And, lastly, this bill would cause no increase in the number of colonels in the Army, and would therefore represent no increased cost to the Government.

Mr. DARDEN. One point that I think should be mentioned for the purpose of clarity in the record is that approval of this bill will not at the present time increase the number of colonels on duty on an armywide basis. At such time as the Army shrank to its peacetime strength it would increase the number of colonels over what is presently authorized.

The Davis amendment, as modified, now provides the Army can have as many as 5,199 colonels on active duty, of which number under existing law 2,227 can be permanent colonels.

If this bill were authorized, it is possible for the Army to have 57 more permanent colonels, so the larger figure of 5,199 would remain unchanged, but the lower one would move up to 2,284.

Senator DUFF. Any questions?
Senator SYMINGTON. No, sir.
Senator DUFF. All right.

H. R. 5416

Mr. DARDEN. This, Mr. Chairman, brings us to H. R. 5416, on page 17 of the committee print.

(H. R. 5416 is as follows:)

[H. R. 5416, 83d Cong., 1st sess. ]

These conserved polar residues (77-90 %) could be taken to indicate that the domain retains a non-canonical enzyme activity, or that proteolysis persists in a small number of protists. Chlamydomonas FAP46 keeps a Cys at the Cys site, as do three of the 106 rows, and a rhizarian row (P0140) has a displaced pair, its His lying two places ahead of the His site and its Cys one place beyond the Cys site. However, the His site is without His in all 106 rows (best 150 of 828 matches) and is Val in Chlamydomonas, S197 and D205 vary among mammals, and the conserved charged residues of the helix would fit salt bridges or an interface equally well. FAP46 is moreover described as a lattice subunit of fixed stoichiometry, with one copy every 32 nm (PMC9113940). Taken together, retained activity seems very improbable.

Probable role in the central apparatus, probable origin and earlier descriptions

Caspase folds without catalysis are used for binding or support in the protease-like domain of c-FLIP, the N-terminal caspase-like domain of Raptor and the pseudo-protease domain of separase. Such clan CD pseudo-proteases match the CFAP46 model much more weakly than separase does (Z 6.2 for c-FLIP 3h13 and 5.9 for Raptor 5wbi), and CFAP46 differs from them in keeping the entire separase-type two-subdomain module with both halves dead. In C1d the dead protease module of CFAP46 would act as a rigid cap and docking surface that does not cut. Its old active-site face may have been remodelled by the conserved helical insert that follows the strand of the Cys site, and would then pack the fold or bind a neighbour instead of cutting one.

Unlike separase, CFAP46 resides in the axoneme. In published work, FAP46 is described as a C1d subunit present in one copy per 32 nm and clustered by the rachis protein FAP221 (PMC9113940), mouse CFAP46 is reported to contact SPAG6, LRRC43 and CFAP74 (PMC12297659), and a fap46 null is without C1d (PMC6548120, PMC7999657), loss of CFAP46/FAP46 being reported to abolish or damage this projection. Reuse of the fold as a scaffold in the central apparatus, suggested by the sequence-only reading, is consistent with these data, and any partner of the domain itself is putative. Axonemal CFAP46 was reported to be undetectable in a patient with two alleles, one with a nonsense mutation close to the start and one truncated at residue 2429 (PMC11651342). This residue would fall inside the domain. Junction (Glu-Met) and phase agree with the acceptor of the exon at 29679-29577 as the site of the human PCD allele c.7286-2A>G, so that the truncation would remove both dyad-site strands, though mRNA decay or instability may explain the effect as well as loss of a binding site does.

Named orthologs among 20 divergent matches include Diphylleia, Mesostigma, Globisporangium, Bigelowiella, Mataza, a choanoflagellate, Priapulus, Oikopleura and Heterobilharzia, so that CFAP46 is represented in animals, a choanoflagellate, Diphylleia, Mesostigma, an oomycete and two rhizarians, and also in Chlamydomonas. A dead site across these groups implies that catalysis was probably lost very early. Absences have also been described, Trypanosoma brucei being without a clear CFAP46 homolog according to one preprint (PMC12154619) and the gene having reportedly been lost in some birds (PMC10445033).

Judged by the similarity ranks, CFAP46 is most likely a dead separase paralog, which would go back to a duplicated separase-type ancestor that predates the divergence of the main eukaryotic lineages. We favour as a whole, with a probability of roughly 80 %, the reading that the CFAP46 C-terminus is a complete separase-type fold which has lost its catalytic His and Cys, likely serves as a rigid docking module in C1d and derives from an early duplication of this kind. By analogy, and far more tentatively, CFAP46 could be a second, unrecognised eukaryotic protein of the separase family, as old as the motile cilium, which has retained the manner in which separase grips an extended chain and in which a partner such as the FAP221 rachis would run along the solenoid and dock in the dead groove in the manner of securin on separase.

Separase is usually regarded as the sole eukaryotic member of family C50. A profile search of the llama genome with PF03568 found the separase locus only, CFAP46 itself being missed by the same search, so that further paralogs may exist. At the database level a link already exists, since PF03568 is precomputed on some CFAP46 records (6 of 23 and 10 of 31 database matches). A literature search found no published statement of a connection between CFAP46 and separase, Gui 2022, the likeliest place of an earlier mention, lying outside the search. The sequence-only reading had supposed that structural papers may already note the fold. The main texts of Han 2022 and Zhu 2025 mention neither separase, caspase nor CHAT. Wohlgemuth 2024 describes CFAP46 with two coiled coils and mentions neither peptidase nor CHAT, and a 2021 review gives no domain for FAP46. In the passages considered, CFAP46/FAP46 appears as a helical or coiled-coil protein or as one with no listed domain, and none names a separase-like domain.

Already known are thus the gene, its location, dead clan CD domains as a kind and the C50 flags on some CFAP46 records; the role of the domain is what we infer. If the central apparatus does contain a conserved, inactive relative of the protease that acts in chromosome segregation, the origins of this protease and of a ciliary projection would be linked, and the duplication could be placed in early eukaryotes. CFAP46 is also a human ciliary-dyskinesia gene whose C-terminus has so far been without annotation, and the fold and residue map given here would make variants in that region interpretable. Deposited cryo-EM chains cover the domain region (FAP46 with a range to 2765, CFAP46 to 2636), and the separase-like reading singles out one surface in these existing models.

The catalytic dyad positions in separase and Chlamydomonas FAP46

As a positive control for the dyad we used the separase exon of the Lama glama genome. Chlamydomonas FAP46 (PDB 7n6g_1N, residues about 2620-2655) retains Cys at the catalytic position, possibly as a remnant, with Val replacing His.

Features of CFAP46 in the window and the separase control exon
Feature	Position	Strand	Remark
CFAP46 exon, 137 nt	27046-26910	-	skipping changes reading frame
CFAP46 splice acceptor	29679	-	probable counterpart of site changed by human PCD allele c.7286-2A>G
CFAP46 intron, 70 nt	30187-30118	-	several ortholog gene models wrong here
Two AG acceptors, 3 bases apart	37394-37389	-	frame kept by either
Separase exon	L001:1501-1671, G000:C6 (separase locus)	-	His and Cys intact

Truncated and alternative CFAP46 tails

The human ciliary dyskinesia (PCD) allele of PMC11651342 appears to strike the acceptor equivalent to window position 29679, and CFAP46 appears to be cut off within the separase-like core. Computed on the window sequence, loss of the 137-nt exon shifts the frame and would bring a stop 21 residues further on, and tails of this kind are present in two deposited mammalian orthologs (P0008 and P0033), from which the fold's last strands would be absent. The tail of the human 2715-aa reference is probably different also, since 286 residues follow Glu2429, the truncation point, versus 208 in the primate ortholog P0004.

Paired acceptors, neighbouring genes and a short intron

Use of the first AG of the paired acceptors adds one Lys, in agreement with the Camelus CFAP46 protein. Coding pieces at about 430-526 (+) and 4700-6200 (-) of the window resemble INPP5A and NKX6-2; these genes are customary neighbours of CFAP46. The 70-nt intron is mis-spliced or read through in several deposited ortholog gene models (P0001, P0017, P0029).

AN ACT To authorize the advancement of certain lieutenants on the retired list of the

Navy Be it enacted by the Senate and House of Representatives of the United States of America in Congress assembled, That notwithstanding any other provision of law, Lieutenant Harold Edgar Peifer, United States Navy (retired), Lieutenant Jim Tom Acree, United States Navy (retired), Lieutenant Harold Coldwell, United States Navy (retired), Lieutenant Thomas Tingey Craven, United States Navy (retired), and Lieutenant Charles Samuel Boarman, United States Navy (retired), shall be advanced to the grade of lieutenant commander on the retired list effective for all purposes from the date of retirement in each case.

Passed the House of Representatives July 27, 1953.
Attest:

LYLE O. SNADER, Clerk. Mr. DARDEN. This is a departmental bill recommended by the Department of the Navy and has passed the House of Representatives. Its purpose is to promote five lieutenants of the Navy to the grade of lieutenant commander on the retired list, the effective date to be the date on which they were retired in each case.

The bill arises in this way. A provision of law in effect in 1942 and which has since been repealed provides that lieutenants who served prior to November 12, 1918, and who shall have completed not less than 21 years of service shall, on retirement, be advanced to the grade of lieutenant commander on the retired list. The Navy Department construed the words “who served prior to November 12, 1918” to include midshipman service and the Comptroller General excepted to this finding and said that there was no authority for that midshipman service to be declared as a service prior to November 1918. Subsequently, the Department of the Navy recommended legislation to validate the promotions, notwithstanding the Comptroller General's ruling.